"The community centre was one big hall with a kitchen, and a couple of toilets - we had people, we had cats, and we had dogs, because people brought their pets, they're part of the family.

"And at no time did any of the dogs face off with the cats, or the cats swipe the dogs. All the animals seemed to just get on. I think they knew something was happening, and this was where they needed to be, to be safe."

Walker said food for the catering team came from the immediate community and donations from wider afield.

"I can remember one afternoon a father and his teenage daughter arrived in a car with a trailer on the back - they'd brought in a whole lot of water, food, canned food. They were from six hours north of Narooma, they'd left at 4am, got to Narooma and gave us all their stuff that they'd bought, and they turned around and drove home.

"Some came from Sydney just to drop off supplies, and other people delivered fruit and vegetables, which we welcomed, and we were able to use."

One donation in particular led to a special, but surreal meal.

"We were given a whole lot of steaks, probably from a couple of restaurants. We had a chiller and generator which a lot of other people didn't, and it was all brought down to us, and one afternoon I can remember us cooking 250 steaks on the barbecue for a meal."

Walker said the wider Salvation Army effort in Australia had provided more than 150,000 meals to evacuees and emergency services during the fires, since September.

The New Zealanders provided a break for their Australian counterparts, who had helped at the Narooma community centre and nearby Moruya for 50 days straight, and were now back on the job. A second New Zealand team from the church was also ready to go, if asked, Walker said.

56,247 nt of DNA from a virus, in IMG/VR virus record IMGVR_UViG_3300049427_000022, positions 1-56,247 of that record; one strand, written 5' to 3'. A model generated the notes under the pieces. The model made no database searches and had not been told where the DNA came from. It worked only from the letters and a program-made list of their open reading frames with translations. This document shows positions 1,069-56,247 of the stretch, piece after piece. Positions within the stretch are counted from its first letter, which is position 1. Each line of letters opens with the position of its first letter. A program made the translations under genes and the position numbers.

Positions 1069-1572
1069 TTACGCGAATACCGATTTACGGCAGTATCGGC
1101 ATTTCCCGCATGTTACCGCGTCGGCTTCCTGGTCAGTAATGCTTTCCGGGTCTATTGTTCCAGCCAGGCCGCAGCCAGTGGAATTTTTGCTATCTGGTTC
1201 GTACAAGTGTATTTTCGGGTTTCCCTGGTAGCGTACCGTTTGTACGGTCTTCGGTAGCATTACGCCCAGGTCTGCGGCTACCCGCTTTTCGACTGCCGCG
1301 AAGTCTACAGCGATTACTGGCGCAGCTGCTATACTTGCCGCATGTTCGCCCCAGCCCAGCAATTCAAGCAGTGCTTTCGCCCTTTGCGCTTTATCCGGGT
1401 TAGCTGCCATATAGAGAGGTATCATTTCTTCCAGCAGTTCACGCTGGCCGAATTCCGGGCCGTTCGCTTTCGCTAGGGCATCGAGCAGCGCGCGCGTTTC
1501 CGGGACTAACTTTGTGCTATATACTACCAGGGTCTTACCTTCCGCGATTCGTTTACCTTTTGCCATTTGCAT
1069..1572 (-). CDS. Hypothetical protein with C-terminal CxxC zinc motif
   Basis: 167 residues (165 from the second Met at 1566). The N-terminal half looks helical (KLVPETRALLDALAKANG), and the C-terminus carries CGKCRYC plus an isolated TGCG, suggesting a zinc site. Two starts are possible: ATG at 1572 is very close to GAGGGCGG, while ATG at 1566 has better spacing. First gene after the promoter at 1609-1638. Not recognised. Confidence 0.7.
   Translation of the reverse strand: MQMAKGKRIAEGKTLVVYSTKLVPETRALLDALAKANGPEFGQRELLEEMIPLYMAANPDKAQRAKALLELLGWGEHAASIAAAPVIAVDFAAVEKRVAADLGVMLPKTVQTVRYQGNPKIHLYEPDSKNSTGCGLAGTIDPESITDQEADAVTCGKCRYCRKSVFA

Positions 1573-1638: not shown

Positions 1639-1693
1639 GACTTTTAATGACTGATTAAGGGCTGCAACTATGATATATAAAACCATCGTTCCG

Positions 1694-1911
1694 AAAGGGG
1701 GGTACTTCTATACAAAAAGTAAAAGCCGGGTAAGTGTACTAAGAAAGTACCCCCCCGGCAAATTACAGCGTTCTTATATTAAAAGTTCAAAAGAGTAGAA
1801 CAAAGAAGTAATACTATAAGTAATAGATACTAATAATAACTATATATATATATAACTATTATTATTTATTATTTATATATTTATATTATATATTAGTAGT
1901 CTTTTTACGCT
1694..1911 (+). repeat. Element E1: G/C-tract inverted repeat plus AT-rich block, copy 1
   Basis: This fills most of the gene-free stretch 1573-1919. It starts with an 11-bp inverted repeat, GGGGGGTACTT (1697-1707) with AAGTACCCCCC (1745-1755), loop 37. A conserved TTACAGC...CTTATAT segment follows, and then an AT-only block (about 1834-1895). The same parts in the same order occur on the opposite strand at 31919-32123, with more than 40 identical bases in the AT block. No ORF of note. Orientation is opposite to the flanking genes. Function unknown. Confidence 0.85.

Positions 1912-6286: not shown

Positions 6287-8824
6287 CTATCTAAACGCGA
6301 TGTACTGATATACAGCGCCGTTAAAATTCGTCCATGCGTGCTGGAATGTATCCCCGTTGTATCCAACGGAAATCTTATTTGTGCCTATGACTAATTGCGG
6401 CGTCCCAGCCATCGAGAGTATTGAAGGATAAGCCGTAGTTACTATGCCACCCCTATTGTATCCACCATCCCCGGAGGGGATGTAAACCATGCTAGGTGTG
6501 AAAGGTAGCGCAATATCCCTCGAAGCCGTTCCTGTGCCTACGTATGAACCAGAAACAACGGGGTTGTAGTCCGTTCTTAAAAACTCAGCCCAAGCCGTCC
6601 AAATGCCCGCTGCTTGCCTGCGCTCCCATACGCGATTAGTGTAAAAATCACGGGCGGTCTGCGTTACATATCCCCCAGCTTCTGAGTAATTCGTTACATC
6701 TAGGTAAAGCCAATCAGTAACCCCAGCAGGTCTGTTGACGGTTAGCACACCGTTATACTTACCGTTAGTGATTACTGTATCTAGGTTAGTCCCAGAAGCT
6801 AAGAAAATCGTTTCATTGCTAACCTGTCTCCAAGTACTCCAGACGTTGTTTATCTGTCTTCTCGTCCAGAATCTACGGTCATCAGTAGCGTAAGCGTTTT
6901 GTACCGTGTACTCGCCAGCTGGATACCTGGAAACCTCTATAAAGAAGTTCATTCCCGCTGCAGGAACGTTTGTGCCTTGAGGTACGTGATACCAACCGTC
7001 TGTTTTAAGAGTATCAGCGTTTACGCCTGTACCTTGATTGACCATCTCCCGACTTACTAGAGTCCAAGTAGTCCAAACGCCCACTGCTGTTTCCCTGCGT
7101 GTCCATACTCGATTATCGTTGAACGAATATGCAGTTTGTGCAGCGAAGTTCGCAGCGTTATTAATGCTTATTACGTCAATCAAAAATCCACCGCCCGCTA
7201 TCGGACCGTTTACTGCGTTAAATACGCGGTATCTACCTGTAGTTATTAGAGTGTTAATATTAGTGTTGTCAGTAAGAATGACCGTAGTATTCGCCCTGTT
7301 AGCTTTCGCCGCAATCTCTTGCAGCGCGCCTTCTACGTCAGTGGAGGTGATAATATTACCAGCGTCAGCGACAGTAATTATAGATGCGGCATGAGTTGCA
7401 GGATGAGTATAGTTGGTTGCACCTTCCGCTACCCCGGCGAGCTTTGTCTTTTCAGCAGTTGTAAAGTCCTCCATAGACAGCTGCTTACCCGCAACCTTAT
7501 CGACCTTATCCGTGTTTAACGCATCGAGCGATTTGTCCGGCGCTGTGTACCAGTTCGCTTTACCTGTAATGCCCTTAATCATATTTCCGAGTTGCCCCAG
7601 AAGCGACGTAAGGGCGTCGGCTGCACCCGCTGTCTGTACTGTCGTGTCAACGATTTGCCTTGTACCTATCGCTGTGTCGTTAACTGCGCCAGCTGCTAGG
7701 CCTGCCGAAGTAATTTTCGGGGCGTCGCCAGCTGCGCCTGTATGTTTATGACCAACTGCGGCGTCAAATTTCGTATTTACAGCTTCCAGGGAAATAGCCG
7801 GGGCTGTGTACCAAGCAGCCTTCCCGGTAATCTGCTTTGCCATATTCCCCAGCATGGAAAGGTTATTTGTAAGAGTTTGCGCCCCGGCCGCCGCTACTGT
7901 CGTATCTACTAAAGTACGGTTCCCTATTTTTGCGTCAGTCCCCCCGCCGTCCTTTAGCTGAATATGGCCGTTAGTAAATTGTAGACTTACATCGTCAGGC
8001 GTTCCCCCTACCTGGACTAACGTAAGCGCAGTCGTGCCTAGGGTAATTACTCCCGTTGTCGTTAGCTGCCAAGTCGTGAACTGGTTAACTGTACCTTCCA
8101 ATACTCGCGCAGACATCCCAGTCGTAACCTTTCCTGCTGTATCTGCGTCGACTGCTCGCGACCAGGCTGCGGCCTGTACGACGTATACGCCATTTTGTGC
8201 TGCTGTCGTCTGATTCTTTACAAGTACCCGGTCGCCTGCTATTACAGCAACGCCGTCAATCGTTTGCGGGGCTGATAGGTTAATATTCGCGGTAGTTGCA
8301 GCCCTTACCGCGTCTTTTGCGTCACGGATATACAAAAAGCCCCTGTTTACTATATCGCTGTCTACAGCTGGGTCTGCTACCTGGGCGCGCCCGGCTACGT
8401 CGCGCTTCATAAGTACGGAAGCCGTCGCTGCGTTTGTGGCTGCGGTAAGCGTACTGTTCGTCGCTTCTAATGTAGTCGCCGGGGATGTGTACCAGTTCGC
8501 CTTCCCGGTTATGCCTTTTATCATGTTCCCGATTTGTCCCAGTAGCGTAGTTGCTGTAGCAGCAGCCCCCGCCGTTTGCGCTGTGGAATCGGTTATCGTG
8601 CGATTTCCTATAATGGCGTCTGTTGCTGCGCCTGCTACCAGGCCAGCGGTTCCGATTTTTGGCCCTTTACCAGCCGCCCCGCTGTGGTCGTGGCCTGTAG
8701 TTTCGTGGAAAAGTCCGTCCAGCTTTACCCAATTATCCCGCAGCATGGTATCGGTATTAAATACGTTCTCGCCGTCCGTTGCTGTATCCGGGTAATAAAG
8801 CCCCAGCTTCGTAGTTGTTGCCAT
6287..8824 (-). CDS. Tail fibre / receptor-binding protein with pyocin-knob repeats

"Certainly the local community were very appreciative of [us] from New Zealand coming over, but as we said to them, they came over to help us with the earthquakes in Christchurch 10 years ago."

Meanwhile, there's been a surge of people volunteering to become firefighters in Australia since the bushfire season started last year.

In the space of two and a half months, more than 25,000 people volunteered to become firefighters. The average annual intake is about 4000.

Managing director of Fire Recruitment Australia Brent Clayton said the support has been immense.

"This is a really big one for us, probably the biggest one in a decade but it sort of turns into an international community when you have this sort of tragedy going on and I think that adds to the willingness of local people to try and do what they can to help out."

He said it's heartwarming to see people volunteering and tragedies like this bring an awareness to the community.

The more people can take responsibility for their own patch of land, the less the services and the government have to dig deep to pick up the slack, he said.

"The more responsibility and awareness individuals can take as far as fire prevention and escape plans and stuff like that, the less strain that's being put on the fire services and other support services to combat the fires when they do come."